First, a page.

Global Times, People's Republic of China

More Poor in America than China? Think Again!


Has the United States overtaken China in its number of poor people? Although recent statistics in China seem to show that China's destitute are doing better than their American counterparts, this article from China's Global Times begs to differ, and argues that while China's impoverished have little more than 'four bare walls' and often have never eaten meat, America's poor are likely to be obese.


By Chiang Meng [蒋萌]


Translated By Ann Tang Kubusek


September 21, 2010


People's Republic of China - Global Times - Original Article (Chinese)

On September 16, the U.S. Census Bureau released a report showing that in 2008, the number of Americans living below the poverty line was 39,800,000, accounting for 13.2 percent of the total population. By 2009, the number had risen to 43,600,000, or 14.3 percent of the total population. This shows that one out of seven Americans is poor. On July 17th, a special Party conference here on combating poverty declared that China's impoverished rural population dropped from 250,000,000 in 1978 to 3,597,000 in 2009 - and that by 2020, poverty will essentially have been eradicated.   


This news seems to convey the following: China has fewer poor people than America does. America’s destitute are increasing while China’s impoverished are continually decreasing. It seems as if we really are “surpassing England and overtaking America.” Could this be true?


There must be a standard for measuring poverty. To be considered below the poverty line in America, the annual income of a family of four must be under $21,954, and for an individual below $10,956. In 2008, China’s impoverished consisted of people making less than 785 yuan a year. Please pay attention: with current exchange rates, one U.S. dollar is equal to 6.72 yuan. That means $21,954 can be exchanged for more than 140,000 yuan. In other words, America’s destitute make 180 times more than impoverished Chinese! And this is after taking account of the recent appreciation of yuan. Two years ago, the disparity was even greater.


In April 2009, the World Bank issued a report outlining the tremendous gap between China’s poverty line and the international standard. The World Bank recommends a universal poverty rate amounting to $1.25 a day per capita. But China's poverty standard of $785 yuan per year translates to 2.15 yuan per capita a day. So by World Bank standards, China has over 254 million people who spend less than the international poverty rate. This figure towers above Chinese estimates of 15 million impoverished rural poor.


A more in-depth comparison shows that for an impoverished American family, a television and air conditioner are common possessions. Even one or two old cars are often affordable. An American family living on an annual income of a little over $20,000 a year can afford these items. Furthermore, in America, the more obese a person is, the more likely it is that they're impoverished. In America, the Engel Coefficient hardly applies. Poverty stricken Americans don't have to worry about whether they'll have enough to eat. The more pertinent problem is an excess of fat and sugar. America’s poor don't have the money to frequent health clubs to lose weight. It's more likely that they'll sit on a sofa eating popcorn and watching television.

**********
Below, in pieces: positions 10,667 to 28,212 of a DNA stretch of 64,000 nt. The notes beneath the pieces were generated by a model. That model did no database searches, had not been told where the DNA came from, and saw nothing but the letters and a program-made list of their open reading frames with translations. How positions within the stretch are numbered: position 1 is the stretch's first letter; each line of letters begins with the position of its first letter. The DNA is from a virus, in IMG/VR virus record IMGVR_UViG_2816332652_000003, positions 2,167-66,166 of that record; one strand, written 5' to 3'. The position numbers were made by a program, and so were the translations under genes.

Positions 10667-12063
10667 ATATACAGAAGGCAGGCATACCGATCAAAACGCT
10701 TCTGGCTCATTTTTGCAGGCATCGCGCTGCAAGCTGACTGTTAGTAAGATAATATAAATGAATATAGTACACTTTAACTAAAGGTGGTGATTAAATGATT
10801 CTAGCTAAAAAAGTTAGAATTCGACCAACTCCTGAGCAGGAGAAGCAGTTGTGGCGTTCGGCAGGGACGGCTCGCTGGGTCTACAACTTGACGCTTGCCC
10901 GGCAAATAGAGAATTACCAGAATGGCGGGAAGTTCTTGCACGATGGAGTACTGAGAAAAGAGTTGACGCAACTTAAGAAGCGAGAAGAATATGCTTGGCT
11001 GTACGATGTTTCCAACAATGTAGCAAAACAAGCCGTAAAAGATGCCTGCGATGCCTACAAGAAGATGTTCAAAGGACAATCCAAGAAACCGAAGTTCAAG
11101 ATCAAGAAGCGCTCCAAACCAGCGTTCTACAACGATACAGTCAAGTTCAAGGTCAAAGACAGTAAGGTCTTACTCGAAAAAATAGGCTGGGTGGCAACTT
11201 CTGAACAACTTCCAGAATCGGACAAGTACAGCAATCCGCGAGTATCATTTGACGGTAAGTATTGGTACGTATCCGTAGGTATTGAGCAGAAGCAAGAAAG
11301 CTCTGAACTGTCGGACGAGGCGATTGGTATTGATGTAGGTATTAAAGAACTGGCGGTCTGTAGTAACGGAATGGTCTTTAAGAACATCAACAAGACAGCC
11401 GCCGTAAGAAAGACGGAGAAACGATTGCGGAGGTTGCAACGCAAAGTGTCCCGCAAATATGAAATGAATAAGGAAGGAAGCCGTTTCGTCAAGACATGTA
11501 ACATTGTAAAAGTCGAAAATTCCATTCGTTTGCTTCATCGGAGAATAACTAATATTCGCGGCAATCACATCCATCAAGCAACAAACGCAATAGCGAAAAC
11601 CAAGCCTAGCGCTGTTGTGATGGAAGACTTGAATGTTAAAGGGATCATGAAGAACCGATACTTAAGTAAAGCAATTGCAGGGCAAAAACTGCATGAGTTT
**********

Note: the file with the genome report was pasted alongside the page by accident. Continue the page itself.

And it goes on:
[Editor's Note: The Engel Coefficient, named after the statistician Ernst Engel (1821–1896), says that with a given set of tastes and preferences, as income rises, the proportion of income spent on food falls, even if actual expenditures on food rise.]


On the other hand, for poverty-stricken Chinese, to say that they are utterly destitute and in possession of only four bare walls isn't mere hyperbole. For poor children to be able to eat white rice and vegetables is considered lucky because suffering from hunger is so common. Two years ago, volunteers organized a trip for impoverished children to Beijing’s Tiananmen Square. During the trip a young girl declared that it was the first time she had ever eaten meat. It’s enough to make one cry. 




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Here is the difference between poor Americans and Chinese: their living standards are by no means being measured by the same rules. People in Beijing or Shanghai making 2,000 or 3,000 yuan a month run around struggling like ants, never being able to afford a home. Even their lives aren't as comfortable as America's poor. So what's the reasoning behind the argument, “There are less poor Chinese than poor Americans?” It could be just ignorant boastfulness or perhaps just ill intent. The prime minster of China, Wen Jibao, has stated in the past, “I often urge reporters to travel to the central and western area of China to look around. When you go there you'll realize that the economic development of Shanghai or Beijing cannot represent all of China …”



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[Posted by WORLDMEETS.US October 4, 6:09pm]


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